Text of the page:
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Tag: Homemade bread

Raisin Bread in the Thermomix

I know you were all dying to hear about how the Verdi went. I’m feeling a bit conflicted about it. On one hand the orchestra and choir were superb, apart from that bit where my friend and I came in two beats early. Hopefully only the tenors in front of us noticed, but they’ve assured us they’ll never let us forget it. On the other hand the tenor soloist may need surgery. So I’m going to tell you about raisin bread instead.

I’ve just got the third loaf of raisin bread this week out of the oven. My kids have only started eating my bread since I’ve been making it in the Thermomix. I think it does a much better job of kneading, as I get bored very quickly, which means that it rises properly. I’ve also invested fourteen bucks in a high sided loaf pan as it sometimes droops over the sides of the smaller one, giving a slice that doesn’t quite fit in the toaster.

I’m weighing the yeast on a conventional scale because I don’t really trust the Thermomix scale for twenty grams. It’s a bit blasé down that end. So weigh out twenty grams of fresh yeast and bung it in the jug. Add a quarter of a cup of sugar, half a cup (or 130 grams) of buttermilk (my new favourite bread making ingredient) and a cup (or 250 grams) of water. I like to give it a five second zap at this point to mix all that together. Add two teaspoons of mixed spice and six hundred grams of flour. Zap it for about thirty seconds on speed four or until it looks like it’s trying to escape through the lid. Then you put it on closed lid position and press the interval setting and have it go for three minutes.

Pull it out of the jug and place it in an oiled bowl. Cover it with a tea towel and stick it in the oven with the light on. When it’s doubled in size, knead in half a cup of currants and half a cup of sultanas. Place the dough in a lined loaf tin.

I’m actually using golden raisins until I can get back to Honest to Goodness and get some of their delicious sultanas. Poke those suckers in, they try to escape. Put it back in the oven with the light on until you can see the loaf rising over the top of the tin.

Brush the top with milk and sprinkle with cinnamon sugar. Bake for ten minutes at 220 degrees, then turn the oven down to 180 degrees for another thirty minutes or until it’s all brown and delicious looking.

That’s breakfast sorted.


Buttermilk Bread in the Thermomix

I have finally made a bread that the children will eat. I’m pretty good at making a worthy bread, all dense and full of seeds and activated currants and what have you. But my white bread also has traditionally come out a bit worthy, dense with a very crunchy crust. The kids just refuse to eat it. Even if it’s the only bread on offer they’ll eat almost anything else, corn crackers, cucumbers, expiring grapes, seaweed. But this bread came out light and fluffy and everything they’ve ever wanted in a bread. I’m not sure where they acquired this bourgeois taste in bread, but I may have to cull their friend lists.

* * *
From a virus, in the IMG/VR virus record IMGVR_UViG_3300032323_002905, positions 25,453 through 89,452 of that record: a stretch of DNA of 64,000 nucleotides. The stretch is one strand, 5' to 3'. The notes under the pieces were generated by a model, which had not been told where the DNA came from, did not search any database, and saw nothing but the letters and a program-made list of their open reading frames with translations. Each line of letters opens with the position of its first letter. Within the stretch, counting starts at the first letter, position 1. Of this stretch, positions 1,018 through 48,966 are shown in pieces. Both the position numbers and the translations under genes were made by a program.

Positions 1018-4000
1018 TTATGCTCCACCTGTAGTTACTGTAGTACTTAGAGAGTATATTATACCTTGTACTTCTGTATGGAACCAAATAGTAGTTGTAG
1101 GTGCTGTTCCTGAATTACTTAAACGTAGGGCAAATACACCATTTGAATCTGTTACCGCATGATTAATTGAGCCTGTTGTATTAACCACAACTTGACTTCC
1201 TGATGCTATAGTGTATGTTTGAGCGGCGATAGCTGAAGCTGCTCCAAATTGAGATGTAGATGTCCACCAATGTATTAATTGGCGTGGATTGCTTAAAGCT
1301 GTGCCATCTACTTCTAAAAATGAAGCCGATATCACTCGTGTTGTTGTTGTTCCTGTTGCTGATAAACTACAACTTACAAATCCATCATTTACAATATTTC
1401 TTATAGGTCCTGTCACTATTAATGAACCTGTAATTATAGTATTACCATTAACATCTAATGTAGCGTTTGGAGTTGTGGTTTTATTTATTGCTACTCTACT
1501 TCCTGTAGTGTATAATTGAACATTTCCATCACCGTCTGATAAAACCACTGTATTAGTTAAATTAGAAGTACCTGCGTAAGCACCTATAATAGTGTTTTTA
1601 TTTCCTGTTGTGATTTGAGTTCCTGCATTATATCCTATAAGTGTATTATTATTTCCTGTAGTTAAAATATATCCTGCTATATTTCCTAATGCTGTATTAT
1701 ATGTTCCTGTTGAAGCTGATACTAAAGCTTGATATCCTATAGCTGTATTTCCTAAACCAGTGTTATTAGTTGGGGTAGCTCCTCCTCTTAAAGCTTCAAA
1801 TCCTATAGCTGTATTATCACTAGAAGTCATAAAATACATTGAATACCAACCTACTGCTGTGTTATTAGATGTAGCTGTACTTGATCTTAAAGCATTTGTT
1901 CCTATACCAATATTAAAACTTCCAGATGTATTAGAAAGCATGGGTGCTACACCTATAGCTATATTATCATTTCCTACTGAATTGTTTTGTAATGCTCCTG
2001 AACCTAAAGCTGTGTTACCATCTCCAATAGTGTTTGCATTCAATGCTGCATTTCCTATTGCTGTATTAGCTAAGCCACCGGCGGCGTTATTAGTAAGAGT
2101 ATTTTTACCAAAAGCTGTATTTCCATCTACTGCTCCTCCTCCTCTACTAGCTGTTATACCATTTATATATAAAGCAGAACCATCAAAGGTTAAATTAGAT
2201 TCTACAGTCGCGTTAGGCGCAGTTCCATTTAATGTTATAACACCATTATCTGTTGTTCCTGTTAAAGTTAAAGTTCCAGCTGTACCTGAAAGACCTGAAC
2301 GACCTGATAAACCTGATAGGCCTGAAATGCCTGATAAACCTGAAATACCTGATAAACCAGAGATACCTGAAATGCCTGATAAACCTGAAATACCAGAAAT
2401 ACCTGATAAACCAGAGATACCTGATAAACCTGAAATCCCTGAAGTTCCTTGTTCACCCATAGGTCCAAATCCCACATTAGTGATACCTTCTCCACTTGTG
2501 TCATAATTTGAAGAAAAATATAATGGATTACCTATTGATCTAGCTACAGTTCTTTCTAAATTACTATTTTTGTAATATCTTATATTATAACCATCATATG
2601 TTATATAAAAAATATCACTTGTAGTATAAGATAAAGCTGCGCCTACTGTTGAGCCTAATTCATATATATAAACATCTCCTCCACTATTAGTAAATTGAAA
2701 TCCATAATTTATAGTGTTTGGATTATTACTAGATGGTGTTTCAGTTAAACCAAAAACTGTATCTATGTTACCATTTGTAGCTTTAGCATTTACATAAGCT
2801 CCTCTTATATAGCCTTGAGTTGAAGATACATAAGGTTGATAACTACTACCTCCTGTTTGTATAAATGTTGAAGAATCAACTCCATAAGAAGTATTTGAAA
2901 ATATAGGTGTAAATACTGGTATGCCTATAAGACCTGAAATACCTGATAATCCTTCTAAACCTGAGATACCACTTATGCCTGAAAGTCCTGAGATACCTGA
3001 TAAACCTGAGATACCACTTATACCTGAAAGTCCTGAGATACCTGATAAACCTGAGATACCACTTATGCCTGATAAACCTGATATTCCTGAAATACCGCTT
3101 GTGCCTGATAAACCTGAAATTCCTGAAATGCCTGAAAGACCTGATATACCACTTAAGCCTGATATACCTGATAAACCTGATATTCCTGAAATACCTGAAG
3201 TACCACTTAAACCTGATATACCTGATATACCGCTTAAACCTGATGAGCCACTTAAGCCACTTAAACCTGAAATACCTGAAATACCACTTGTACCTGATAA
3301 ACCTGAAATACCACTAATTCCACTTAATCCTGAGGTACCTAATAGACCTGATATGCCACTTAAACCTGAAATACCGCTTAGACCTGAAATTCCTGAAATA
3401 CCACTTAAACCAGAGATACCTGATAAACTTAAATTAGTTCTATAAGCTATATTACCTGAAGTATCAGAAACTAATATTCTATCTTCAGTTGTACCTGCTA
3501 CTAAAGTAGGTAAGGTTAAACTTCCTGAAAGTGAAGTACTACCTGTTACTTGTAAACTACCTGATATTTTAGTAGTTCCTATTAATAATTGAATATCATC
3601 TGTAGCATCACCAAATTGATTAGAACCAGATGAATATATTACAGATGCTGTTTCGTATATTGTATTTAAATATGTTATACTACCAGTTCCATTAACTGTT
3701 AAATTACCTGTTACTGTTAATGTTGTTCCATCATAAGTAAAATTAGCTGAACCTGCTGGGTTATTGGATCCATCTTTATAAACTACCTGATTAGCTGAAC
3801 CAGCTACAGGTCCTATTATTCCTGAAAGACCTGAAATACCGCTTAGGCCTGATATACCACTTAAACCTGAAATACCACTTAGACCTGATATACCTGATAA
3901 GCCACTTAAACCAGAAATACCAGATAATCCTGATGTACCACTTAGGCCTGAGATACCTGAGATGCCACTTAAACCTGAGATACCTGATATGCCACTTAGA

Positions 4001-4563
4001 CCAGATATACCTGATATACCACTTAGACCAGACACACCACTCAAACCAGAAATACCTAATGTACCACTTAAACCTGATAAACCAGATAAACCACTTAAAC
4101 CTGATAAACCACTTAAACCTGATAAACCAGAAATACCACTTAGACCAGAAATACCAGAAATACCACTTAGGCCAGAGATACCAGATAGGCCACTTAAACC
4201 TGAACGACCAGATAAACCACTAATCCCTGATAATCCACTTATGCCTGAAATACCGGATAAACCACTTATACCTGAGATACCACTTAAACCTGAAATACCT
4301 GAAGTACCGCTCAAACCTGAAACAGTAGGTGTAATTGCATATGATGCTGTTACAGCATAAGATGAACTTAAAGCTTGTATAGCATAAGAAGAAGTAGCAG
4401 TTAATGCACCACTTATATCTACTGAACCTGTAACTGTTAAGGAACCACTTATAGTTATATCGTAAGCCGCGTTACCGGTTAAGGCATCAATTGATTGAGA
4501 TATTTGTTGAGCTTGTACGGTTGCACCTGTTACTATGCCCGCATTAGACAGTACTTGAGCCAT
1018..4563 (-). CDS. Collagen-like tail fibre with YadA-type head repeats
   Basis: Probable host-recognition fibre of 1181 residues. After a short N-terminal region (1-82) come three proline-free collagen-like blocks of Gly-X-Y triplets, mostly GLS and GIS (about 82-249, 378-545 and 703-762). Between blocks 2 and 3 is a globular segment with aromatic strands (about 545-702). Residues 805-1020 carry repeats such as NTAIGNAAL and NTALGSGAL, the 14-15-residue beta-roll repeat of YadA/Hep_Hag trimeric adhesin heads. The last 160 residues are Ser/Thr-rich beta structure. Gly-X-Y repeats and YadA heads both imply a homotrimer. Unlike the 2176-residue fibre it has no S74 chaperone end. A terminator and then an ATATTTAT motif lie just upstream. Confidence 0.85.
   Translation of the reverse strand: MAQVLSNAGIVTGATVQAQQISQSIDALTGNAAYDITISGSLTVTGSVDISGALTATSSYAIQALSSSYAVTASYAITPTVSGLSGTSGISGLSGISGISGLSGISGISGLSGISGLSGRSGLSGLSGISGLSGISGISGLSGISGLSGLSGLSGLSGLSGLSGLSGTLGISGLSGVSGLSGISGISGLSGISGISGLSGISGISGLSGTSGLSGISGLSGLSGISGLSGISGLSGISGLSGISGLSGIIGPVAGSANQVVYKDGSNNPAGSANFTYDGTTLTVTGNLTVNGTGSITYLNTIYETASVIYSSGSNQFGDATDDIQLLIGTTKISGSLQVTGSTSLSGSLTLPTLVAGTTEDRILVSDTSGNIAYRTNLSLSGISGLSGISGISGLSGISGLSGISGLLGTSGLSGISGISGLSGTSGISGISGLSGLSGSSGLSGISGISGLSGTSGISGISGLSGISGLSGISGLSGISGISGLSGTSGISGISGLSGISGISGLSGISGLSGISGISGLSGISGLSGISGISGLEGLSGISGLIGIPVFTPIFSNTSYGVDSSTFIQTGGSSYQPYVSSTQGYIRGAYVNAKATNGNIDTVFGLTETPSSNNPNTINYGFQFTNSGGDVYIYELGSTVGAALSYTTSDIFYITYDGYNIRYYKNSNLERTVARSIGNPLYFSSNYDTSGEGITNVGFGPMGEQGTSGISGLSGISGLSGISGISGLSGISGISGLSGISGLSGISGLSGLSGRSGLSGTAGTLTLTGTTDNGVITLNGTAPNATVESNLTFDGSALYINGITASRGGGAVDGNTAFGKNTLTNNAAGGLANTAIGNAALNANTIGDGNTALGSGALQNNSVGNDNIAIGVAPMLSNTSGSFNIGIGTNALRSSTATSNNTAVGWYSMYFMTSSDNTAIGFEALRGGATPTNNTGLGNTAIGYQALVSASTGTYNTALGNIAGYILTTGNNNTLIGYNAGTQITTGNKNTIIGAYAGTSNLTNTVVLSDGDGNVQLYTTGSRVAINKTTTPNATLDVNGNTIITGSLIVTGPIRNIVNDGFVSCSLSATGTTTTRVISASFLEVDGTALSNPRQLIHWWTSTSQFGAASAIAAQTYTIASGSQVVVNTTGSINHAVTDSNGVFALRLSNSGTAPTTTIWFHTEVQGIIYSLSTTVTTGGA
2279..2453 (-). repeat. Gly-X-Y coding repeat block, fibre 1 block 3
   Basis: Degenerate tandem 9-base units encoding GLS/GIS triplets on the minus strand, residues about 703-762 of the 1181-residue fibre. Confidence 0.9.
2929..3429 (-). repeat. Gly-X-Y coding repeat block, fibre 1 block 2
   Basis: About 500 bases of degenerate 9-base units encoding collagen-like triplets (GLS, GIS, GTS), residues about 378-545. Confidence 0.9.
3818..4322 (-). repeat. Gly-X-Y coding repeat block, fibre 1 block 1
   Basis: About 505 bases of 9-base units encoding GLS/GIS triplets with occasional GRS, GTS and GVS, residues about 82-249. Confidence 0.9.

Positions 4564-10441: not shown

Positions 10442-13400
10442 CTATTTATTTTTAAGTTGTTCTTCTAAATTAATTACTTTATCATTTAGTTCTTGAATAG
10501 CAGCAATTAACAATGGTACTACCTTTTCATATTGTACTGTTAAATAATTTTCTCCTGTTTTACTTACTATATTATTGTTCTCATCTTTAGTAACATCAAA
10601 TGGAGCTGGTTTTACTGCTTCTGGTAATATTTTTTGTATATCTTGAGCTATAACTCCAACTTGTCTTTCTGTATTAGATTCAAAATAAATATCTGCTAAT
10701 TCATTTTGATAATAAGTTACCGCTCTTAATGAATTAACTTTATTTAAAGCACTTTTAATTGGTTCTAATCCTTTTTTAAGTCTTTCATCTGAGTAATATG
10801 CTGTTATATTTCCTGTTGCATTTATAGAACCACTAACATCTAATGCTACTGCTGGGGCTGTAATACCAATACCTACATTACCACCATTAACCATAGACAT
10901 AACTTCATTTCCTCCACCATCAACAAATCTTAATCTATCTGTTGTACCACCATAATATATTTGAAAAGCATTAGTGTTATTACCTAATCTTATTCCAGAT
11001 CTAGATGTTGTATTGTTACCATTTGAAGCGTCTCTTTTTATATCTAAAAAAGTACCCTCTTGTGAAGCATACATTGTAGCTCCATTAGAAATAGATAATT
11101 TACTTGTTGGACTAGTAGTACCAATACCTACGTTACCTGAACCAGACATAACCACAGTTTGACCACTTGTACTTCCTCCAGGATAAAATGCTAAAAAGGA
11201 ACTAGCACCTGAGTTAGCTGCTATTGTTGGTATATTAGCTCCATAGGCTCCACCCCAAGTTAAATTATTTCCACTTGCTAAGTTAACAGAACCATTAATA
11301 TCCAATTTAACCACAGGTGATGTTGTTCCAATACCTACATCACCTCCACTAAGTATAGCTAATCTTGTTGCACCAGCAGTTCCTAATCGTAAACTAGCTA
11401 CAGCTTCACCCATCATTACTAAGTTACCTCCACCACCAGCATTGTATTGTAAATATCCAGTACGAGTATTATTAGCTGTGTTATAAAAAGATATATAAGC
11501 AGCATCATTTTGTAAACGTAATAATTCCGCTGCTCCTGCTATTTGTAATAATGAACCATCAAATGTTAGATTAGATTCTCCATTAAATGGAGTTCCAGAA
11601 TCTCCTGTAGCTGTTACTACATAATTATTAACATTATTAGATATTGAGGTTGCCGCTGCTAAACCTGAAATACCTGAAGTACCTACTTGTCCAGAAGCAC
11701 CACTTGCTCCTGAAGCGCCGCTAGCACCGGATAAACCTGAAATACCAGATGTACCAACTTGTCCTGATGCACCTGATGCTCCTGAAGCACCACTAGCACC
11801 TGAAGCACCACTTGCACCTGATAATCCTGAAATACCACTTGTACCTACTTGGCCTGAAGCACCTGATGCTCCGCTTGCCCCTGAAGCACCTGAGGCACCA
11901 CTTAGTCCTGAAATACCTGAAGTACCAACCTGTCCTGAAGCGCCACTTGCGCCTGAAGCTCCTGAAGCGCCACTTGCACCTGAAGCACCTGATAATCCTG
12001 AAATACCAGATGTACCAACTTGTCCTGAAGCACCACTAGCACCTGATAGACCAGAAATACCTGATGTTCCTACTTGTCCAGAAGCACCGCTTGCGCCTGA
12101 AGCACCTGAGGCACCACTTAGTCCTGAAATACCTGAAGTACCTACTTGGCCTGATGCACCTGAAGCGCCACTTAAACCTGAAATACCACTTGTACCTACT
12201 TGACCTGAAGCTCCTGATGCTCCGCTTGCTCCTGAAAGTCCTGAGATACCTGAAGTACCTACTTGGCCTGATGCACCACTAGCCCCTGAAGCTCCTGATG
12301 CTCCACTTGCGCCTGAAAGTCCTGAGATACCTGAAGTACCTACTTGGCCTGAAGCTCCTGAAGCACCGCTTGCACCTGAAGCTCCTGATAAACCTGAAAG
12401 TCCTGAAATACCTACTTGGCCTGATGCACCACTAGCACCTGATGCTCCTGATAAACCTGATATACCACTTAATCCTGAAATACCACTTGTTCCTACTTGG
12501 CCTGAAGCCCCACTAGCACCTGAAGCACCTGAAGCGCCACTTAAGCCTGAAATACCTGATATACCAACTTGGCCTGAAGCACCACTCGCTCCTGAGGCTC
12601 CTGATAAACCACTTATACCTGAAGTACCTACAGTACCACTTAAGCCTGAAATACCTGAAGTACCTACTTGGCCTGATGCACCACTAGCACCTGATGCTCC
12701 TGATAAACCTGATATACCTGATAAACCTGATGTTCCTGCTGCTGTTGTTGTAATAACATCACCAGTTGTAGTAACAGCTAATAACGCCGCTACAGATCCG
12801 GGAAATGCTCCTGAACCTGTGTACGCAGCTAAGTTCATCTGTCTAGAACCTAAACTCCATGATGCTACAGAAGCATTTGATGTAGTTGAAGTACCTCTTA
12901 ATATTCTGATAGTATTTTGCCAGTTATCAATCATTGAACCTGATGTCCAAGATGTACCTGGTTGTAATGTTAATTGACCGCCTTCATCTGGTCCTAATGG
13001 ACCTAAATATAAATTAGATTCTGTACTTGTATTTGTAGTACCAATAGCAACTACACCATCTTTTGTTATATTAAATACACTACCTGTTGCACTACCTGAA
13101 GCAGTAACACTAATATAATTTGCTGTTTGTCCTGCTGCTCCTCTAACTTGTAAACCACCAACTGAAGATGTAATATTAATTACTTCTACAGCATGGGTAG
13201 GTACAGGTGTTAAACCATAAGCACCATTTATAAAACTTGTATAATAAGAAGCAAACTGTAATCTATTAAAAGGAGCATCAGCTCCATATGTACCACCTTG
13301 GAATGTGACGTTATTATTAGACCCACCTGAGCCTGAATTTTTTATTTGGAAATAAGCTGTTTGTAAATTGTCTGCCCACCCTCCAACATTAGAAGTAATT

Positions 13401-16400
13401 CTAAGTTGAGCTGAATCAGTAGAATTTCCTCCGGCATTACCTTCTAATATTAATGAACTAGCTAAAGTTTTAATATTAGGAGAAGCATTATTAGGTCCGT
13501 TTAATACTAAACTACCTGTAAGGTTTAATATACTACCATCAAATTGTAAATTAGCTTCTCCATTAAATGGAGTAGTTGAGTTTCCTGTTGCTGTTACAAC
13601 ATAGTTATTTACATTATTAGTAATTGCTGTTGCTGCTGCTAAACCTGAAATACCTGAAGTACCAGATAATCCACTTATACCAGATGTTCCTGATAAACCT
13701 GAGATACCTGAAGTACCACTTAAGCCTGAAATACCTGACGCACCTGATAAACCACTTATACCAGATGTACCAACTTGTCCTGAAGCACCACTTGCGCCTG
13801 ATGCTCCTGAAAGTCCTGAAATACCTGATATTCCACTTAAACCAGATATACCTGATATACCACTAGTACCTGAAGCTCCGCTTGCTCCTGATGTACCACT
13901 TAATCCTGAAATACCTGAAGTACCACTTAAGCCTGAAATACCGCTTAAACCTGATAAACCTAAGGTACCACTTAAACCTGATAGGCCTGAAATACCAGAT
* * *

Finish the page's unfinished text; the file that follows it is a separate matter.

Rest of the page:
It’s a recipe straight out of the Thermomix cookbook and I didn’t even tweak it much. Place in the Thermomix 180 grams of buttermilk, 200 grams of water, 20 grams of fresh yeast, a couple of turns of the sea salt grinder, 500 grams of flour and 10 grams of oil. I think the reason they put buttermilk in a few of their recipes is because you can actually make your own butter in the Thermomix, and you have buttermilk left over. You’d better believe it’s on my to do list.

Put the lid on and mix for five seconds on speed 7. Yes, it does sound a little arbitrary, doesn’t it. Set the dial to the closed lid position and knead for three minutes on Interval speed. And that’s one of the many annoying things about this recipe book, the basic white bread recipe calls for half that kneading time. A focaccia recipe (seriously, is anyone making focaccia? Where’s the Turkish bread recipe?) gives a two minute knead time. Inconsistent.

The dough is very sticky, I floured my hands before scraping it out. Place it in an oiled bowl and leave it in the oven covered with a damp tea towel with the light on for about half an hour, until it has doubled in size. Sling it into a lined loaf tin and back in the oven with the light on. I don’t cover it at this point, because I like to hop past and see how it’s going. This loaf rose a lot more than my white bread usually does. I baked it at 180 degrees for about forty minutes, you tap on it when it looks brown and it should sound hollow when done. Just look at that crumb.

I baked it yesterday afternoon and it is still soft and delightful today, another win over my usual recipe which goes stale almost immediately. It makes an excellent piece of toast.

One of the many things the kids have against home made bread is that they have to cut it themselves. It’s almost like living in the salt mines of Siberia, such a heartbreaking amount of manual labour. It’s got to be a good sign that even the Horror from Outer Space is chopping off chunks of it and eating it unadorned. “How is it?” I ask him. “I guess it’s OK”, he said, spraying me with crumbs. Praise indeed.